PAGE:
British Society of Cutaneous Allergy (BCSA)


What are the aims of this patient information leaflet?

This leaflet has been written to help you understand more about your contact allergy. It tells you what a contact allergy is, what causes this allergy and what you can do about it.

What is contact allergy?

Dermatitis, also known as eczema, describes a type of inflammation of the skin. Contact dermatitis or contact eczema is a term used when this inflammation is caused by direct or indirect skin contact with something in your environment. Allergic contact dermatitis occurs when your immune system causes allergy to a very specific chemical or substance that has been in contact with the skin.

What causes your specific allergy?

Your patch tests indicate that you have a contact allergy to glucosides.

What is glucosides?

Glucosides (including Decyl glucoside and Lauryl glucoside) are surfactants (foaming agents) frequently used in personal care products such as shampoos and skin cleaning products. They are often found in products marketed for ‘sensitive’ skin.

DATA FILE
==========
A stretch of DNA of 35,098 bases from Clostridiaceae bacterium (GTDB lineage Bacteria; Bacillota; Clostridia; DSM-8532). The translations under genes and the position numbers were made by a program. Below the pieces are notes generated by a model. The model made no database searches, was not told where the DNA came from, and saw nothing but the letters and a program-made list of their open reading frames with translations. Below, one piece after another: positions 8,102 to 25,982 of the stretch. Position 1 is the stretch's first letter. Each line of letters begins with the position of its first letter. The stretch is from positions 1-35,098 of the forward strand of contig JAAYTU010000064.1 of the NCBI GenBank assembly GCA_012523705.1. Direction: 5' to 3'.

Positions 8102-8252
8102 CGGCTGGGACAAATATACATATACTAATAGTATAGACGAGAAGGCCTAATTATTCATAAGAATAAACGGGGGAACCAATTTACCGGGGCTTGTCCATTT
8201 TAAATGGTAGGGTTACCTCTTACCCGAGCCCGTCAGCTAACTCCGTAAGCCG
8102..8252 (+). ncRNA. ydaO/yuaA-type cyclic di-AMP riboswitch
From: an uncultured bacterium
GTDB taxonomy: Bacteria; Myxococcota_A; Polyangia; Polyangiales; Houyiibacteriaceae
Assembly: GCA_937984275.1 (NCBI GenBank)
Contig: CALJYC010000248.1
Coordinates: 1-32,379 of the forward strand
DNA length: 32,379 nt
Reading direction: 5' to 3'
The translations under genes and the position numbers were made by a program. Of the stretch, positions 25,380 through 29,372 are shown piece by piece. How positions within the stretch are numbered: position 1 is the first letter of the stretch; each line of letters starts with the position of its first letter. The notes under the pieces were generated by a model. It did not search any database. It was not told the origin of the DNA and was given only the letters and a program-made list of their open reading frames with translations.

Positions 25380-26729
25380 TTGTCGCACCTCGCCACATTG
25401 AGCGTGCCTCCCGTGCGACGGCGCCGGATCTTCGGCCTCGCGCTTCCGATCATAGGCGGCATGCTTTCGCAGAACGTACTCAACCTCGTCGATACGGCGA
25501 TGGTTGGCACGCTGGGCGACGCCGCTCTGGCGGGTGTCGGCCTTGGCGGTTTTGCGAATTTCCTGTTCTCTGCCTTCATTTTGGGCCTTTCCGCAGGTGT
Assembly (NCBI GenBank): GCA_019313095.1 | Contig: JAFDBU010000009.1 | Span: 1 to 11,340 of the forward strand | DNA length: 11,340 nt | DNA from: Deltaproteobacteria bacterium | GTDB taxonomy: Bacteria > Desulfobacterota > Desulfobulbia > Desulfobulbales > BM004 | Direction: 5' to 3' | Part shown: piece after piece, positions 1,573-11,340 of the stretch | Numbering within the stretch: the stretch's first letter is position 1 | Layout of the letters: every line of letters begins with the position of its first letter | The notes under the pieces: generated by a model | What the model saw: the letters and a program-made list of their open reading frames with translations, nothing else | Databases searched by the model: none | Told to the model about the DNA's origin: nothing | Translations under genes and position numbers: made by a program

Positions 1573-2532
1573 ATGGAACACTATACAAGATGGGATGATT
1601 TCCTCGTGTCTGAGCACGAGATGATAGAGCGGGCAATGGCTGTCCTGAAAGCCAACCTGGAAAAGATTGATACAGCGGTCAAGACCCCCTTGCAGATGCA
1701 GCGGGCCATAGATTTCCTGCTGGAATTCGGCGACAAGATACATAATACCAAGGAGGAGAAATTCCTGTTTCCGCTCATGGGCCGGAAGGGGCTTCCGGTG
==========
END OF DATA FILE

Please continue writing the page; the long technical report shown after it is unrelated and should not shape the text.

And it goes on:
What are some products that contain glucosides?

  • Shampoos
  • Skin cleansers including facial cleansers, eye make-up removers, hand soaps and shower gels
  • Baby products including shampoos, bath products and wipes
  • Hair dyes and colours
  • Sunscreens.

There are many different glucosides including arachidyl glucoside, C12-20 alkyl glucoside, caprilyl/capryl glucoside, cetearyl glucoside, coco-glucoside, decyl glucoside, ethyl glucoside and lauryl glucoside (also known as lauryl polyglucose).

Remember, always check the label, these lists can never be complete and ingredients change.

How can I manage my allergy?

This means that you should avoid putting products containing glucosides onto your skin in the future.

If you are allergic to decyl glucoside, avoid sunscreen products containing the UV filter, Tinosorb M® as it is a component of the filter and will not usually be labelled.

Self-care (what can I do?)

Always check the ingredient listing on the product, package or package insert as these lists can never be complete and ingredients change. This is particularly important for any products purchased outside the EU where some allergens may not be banned.

Created: 2020